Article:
TOKYO — Financially strapped Japanese major Shochiku plans to cut the number of films it produces and eliminate its distribution network for domestic films as part of a restructuring plan.
The new distribution system will start in June, when the company activates a combined system for domestic and foreign films. Shochiku has 100 theaters on its contract-based distribution circuit that play Japanese films distributed by the company.
The new system is expected to boost Hollywood films by allowing them greater access to the Japanese market.
Shochiku, which failed to have any films place in the top 10 moneymakers among domestic movies in 1998, has not been filling up its theaters with its recent offerings.
Supply foreign product
The combined distribution system will distribute Japanese films from the company on a periodic basis and supply foreign product when Shochiku does not have local movies for the theaters, company officials said.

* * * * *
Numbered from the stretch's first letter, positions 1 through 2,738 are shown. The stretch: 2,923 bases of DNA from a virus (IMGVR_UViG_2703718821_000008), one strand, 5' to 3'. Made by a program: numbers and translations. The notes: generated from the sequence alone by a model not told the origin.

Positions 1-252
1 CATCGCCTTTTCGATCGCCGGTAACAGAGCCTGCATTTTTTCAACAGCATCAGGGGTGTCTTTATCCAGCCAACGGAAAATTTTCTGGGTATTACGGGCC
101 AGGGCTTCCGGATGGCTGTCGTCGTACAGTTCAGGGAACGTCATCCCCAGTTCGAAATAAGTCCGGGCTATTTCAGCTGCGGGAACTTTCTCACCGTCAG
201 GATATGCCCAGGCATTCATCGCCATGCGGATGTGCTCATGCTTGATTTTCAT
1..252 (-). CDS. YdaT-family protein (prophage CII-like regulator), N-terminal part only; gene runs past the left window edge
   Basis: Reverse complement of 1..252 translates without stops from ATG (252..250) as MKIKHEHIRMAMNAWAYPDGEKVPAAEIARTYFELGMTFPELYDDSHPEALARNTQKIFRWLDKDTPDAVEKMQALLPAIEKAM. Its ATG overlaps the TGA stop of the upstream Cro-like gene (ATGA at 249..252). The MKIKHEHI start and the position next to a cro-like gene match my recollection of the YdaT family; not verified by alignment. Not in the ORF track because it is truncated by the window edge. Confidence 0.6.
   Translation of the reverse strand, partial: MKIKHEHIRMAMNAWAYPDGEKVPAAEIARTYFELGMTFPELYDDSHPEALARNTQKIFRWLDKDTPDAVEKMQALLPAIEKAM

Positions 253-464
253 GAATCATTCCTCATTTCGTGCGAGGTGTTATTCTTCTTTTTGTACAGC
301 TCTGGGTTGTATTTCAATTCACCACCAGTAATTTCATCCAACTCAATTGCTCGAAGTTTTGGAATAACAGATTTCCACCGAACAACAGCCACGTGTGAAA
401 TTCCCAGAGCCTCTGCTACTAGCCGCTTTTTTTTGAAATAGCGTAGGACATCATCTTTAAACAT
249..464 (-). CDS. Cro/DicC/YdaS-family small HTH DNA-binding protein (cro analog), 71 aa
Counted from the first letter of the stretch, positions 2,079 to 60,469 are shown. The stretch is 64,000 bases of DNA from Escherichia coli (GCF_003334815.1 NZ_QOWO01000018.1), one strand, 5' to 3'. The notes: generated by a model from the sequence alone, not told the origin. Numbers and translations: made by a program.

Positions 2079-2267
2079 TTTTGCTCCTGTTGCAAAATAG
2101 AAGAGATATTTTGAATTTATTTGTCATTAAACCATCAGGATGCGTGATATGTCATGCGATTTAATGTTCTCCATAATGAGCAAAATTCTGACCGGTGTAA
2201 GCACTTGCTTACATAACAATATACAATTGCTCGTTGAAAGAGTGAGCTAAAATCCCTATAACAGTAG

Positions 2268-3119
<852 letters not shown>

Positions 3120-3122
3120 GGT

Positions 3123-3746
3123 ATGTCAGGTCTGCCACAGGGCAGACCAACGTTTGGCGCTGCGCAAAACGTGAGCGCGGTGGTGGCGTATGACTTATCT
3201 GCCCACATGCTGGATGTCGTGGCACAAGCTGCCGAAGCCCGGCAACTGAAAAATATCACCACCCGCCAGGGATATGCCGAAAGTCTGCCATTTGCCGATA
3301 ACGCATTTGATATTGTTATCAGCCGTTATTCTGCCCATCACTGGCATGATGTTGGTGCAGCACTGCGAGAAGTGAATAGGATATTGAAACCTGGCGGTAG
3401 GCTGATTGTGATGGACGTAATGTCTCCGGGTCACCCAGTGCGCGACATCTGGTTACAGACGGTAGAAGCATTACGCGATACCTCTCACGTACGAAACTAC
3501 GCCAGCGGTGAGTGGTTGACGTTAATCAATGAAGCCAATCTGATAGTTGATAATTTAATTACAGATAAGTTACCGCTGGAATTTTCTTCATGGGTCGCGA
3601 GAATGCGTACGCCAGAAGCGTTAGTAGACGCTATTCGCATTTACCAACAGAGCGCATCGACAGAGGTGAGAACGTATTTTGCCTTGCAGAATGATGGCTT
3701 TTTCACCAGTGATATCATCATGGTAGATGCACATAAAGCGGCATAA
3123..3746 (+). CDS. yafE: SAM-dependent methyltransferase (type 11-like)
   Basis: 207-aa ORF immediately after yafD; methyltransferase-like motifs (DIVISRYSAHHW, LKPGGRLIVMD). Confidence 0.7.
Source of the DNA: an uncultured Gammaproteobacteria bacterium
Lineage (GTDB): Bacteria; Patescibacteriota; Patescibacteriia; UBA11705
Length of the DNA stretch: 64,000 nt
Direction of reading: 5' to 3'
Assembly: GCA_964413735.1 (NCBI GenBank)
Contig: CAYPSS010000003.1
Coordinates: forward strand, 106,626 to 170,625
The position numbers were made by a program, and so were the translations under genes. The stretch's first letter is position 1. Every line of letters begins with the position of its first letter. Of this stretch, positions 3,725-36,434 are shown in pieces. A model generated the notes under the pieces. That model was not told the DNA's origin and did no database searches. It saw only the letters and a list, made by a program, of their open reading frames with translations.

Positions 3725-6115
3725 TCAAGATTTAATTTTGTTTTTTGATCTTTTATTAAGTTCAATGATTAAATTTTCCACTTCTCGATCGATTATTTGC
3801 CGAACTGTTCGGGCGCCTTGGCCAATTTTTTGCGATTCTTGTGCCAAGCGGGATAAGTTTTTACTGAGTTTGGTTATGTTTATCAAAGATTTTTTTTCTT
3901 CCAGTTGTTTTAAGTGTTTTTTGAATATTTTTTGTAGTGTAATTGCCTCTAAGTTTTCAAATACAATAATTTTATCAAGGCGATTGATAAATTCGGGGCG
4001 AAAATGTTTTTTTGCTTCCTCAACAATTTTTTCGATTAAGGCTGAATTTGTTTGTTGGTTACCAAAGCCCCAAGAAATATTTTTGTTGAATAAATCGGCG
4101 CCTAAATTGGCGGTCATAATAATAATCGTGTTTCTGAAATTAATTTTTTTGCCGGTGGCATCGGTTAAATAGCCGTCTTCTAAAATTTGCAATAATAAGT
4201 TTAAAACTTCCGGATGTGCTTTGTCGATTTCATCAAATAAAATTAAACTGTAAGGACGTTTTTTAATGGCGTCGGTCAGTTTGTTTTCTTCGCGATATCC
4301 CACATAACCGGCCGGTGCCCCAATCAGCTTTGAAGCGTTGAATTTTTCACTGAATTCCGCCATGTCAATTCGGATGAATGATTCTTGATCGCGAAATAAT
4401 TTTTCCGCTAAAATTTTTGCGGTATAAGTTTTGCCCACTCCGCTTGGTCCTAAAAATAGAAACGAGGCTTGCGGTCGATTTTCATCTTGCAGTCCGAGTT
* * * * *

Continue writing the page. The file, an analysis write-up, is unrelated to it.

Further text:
Shochiku president Nobuyoshi Otani said, “The move does not mean that we will stop making movies.” He stressed that the company will be more selective in its production and distribution choices.
Shochiku announced earlier this year that it was expecting to post its first net loss since 1973 with a projected loss of about $82 million for the business year that ended Feb. 28.
Since Otani took over the company in a boardroom coup last January, the company has closed its movie theme park, scaled down its multiplex cinema construction plans with the American firm Cinemark and dropped its Cinema Japanesque movie series.
The series, launched under ousted president Toru Okuyama, lasted about a year and brought Shochiku a share of the 1997 Palme d’Or award at Cannes for the film “The Eel.”